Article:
Setaria pumila (Yellow Foxtail)

Plant Info
Also known as: Yellow Bristlegrass
Family:Poaceae (Grass)
Life cycle:annual
  • Weedy
Habitat:part shade, sun; average to dry disturbed soil; fields, roadsides, railroads, waste places, lawns, gardens
Fruiting season:July - October
Plant height:1 to 3 feet
Wetland Indicator Status:GP: FACU MW: FAC NCNE: FAC
MN county distribution (click map to enlarge):Minnesota county distribution map
National distribution (click map to enlarge):National distribution map

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Detailed Information

Flower: Flower shape: indistinct Cluster type: panicle Cluster type: spike

[photo of panicle] A single, densely packed, cylindric, spike-like panicle at the tip of the stem, 1½ to 3 inches long, rarely up to 6 inches. Short branches are densely crowded along the length of the panicle, each branch usually with a single spikelet (flower cluster), sometimes with a second, aborted spikelet. Spikelets are flattened on one side, egg-shaped in outline with a blunt tip, (2)3 to 3.5 mm long, with one fertile and one sterile floret. At the base of a spikelet stalk are 5 to 20 straight bristles each 3 to 12 mm long, about 1 to 3 times as long as the spikelet. Bristles are yellow to golden brown, rarely purplish, and stiff with minute, upward pointing (antrorse) barbs.

[close-up of spikelet and bristles] At the base of each spikelet is a pair of bracts (glumes) that are thin with translucent edging, the lower glume broadly egg-shaped with a pointed tip, 3-veined and 1/3 to 2/3 as long as the spikelet, the upper glume nearly round with a blunt to pointed tip, 5 to 7-veined and about half as long as the spikelet. Florets are surrounded by a pair of bracts (lemma and palea). The sterile lemma is like the upper glume except as long and wide as the spikelet; the sterile palea is shorter and may be visible through the translucent lemma. The fertile lemma and palea are both much thicker than the glumes, their surfaces conspicuously covered in cross-wrinkles, and with a distinct swelling at the base. The fertile lemma is oval to egg-shaped, blunt at the tip, (2)3 to 3.5 mm long, and the edges curl around the palea edges; the fertile palea is flat, as long as the lemma and with a similar texture.

Leaves and stems: Leaf attachment: alternate Leaf type: simple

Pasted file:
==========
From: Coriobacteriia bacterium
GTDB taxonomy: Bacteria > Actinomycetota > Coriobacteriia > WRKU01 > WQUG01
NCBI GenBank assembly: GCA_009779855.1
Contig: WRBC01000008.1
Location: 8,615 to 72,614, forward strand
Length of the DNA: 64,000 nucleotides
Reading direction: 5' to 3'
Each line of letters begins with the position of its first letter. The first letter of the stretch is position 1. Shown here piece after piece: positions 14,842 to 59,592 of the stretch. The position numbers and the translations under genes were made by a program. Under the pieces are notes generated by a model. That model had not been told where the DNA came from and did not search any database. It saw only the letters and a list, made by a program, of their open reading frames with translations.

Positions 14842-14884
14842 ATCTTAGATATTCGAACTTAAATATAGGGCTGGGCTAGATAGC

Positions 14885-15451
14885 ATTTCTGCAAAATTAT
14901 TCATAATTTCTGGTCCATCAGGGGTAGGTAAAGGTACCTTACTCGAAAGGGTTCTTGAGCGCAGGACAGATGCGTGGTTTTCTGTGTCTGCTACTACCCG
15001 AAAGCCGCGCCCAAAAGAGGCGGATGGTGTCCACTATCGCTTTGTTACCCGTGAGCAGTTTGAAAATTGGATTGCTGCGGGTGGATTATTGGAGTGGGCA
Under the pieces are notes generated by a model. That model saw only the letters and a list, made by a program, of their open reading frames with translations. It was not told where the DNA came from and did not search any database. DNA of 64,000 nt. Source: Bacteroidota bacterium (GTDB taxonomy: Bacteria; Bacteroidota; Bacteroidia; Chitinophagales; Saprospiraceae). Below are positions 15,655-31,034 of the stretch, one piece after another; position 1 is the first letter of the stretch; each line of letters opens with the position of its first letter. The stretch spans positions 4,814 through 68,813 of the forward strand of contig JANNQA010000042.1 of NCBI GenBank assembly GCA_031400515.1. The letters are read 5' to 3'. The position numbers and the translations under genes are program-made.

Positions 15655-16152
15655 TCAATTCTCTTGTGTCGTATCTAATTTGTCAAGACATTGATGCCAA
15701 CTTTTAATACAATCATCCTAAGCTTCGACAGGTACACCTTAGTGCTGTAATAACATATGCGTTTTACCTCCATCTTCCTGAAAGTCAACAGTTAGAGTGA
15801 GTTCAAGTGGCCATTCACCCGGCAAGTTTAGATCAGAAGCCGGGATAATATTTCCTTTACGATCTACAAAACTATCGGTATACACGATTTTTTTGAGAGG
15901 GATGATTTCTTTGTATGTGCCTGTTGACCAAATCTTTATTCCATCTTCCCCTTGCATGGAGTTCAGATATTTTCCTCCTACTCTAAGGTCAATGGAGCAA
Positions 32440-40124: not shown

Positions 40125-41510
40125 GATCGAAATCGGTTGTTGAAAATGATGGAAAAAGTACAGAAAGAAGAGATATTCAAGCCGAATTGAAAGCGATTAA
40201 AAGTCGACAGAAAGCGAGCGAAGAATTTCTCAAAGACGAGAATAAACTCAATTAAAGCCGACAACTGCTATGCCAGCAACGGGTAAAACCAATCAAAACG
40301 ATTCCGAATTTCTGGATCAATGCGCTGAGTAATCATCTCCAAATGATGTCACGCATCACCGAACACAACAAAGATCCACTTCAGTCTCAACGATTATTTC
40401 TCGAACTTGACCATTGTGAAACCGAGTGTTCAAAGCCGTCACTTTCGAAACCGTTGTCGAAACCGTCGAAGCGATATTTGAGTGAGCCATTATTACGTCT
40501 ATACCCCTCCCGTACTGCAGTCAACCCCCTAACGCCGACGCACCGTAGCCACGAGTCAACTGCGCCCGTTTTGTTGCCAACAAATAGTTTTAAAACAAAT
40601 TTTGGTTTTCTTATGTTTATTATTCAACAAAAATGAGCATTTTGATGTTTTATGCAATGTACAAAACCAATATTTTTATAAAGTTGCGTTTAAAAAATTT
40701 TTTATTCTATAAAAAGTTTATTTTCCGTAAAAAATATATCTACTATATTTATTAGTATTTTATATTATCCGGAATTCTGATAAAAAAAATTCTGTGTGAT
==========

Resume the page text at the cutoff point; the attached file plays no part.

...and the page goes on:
[photo of leaf hairs] Leaves are alternate, 1½ to 12 inches long, up to 10 mm (to ~3/8 inch) wide, lance-linear, and flat though may be loosely spirally twisted. The upper surface is sparsely covered in long, white hairs near the base.

[photo of sheath, ligule and node] The sheath is open, green, hairless, without a fringe of hairs along the edge. The ligule (membrane where the leaf joins the sheath) is up to 1 mm long and fringed with short hairs. Nodes are hairless and green to purplish. Stems are smooth, erect to ascending, the lower stem often prostrate then rising at the lower node (geniculate), but not rooting at the node. Stems are multiple and branching from the base, forming loose to dense clumps.

Fruit: Fruit type: seed without plume

[photo of maturing spikelets and mature florets] The glumes and sterile lemma turn tan and papery as they mature, the fertile lemma and palea hardening and turning darker brown. The entire spikelet drops off when mature, leaving the bristles behind on the stem.


Yellow Foxtail, known as Setaria glauca or Setaria lutescens in older references, is a common weedy grass of disturbed areas throughout Minnesota, including lawns and gardens. It is easily distinguished from other Foxtails by the numerous stiff, spreading yellow to tawny bristles on the panicle, upper glumes about half as long as the spikelet, and the sparse long hairs on leaves near the base. There are 2 recognized subspecies, both of which have been found in Minnesota: subsp. pumila is most common, widespread throughout the state, and generally described above; subsp. pallidefusca (formerly Setaria pallide-fusca), to-date only recorded in Anoka County, is not well documented but may have smaller spikelets (2 to 2.5 mm vs. 3 to 3.5 mm) and reddish bristles rather than golden.

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More photos

Photos by K. Chayka taken in Ramsey County. Photos courtesy Peter M. Dziuk taken in Anoka, Hennepin and Ramsey counties.


Have you seen this plant in Minnesota, or have any other comments about it?

Posted by: Mark Kelsey - Excelsior
on: 2020-08-28 19:31:09

We live on the East side of a marsh and have are surrounded by foxtail. Our lawn guy has done a pretty good job of getting it under control, but it is so invasive and would love to know of any additional measures I can take to control it.

Posted by: K. Chayka
on: 2020-08-29 06:22:57

Mark, this is an annual so reproduces strictly by seed and you'll probably have a seed bank to contend with for a number of years to come. You can pull it out as it emerges, or try a pre-emergent chemical, but that will also inhibit germination of seeds for other species that you may want to keep. FWIW, I'm dealing with my own infestation and am going through the same pains, pulling it out wherever I see it emerging. It's an ongoing battle.

Posted by: Molly - Wooded homestead in St louis County
on: 2023-09-09 10:19:51

Is this the plant that is very dangerous to dogs and cats because of seeds that dig in and do not break down when eaten? Vet MD lists foxtail as dangerous without delineating varieties.

Posted by: K Chayka
on: 2023-09-09 10:48:30

Molly, Minnesota Wildflowers does not have any information concerning foxtail and dogs. Check with your own vet for more information.

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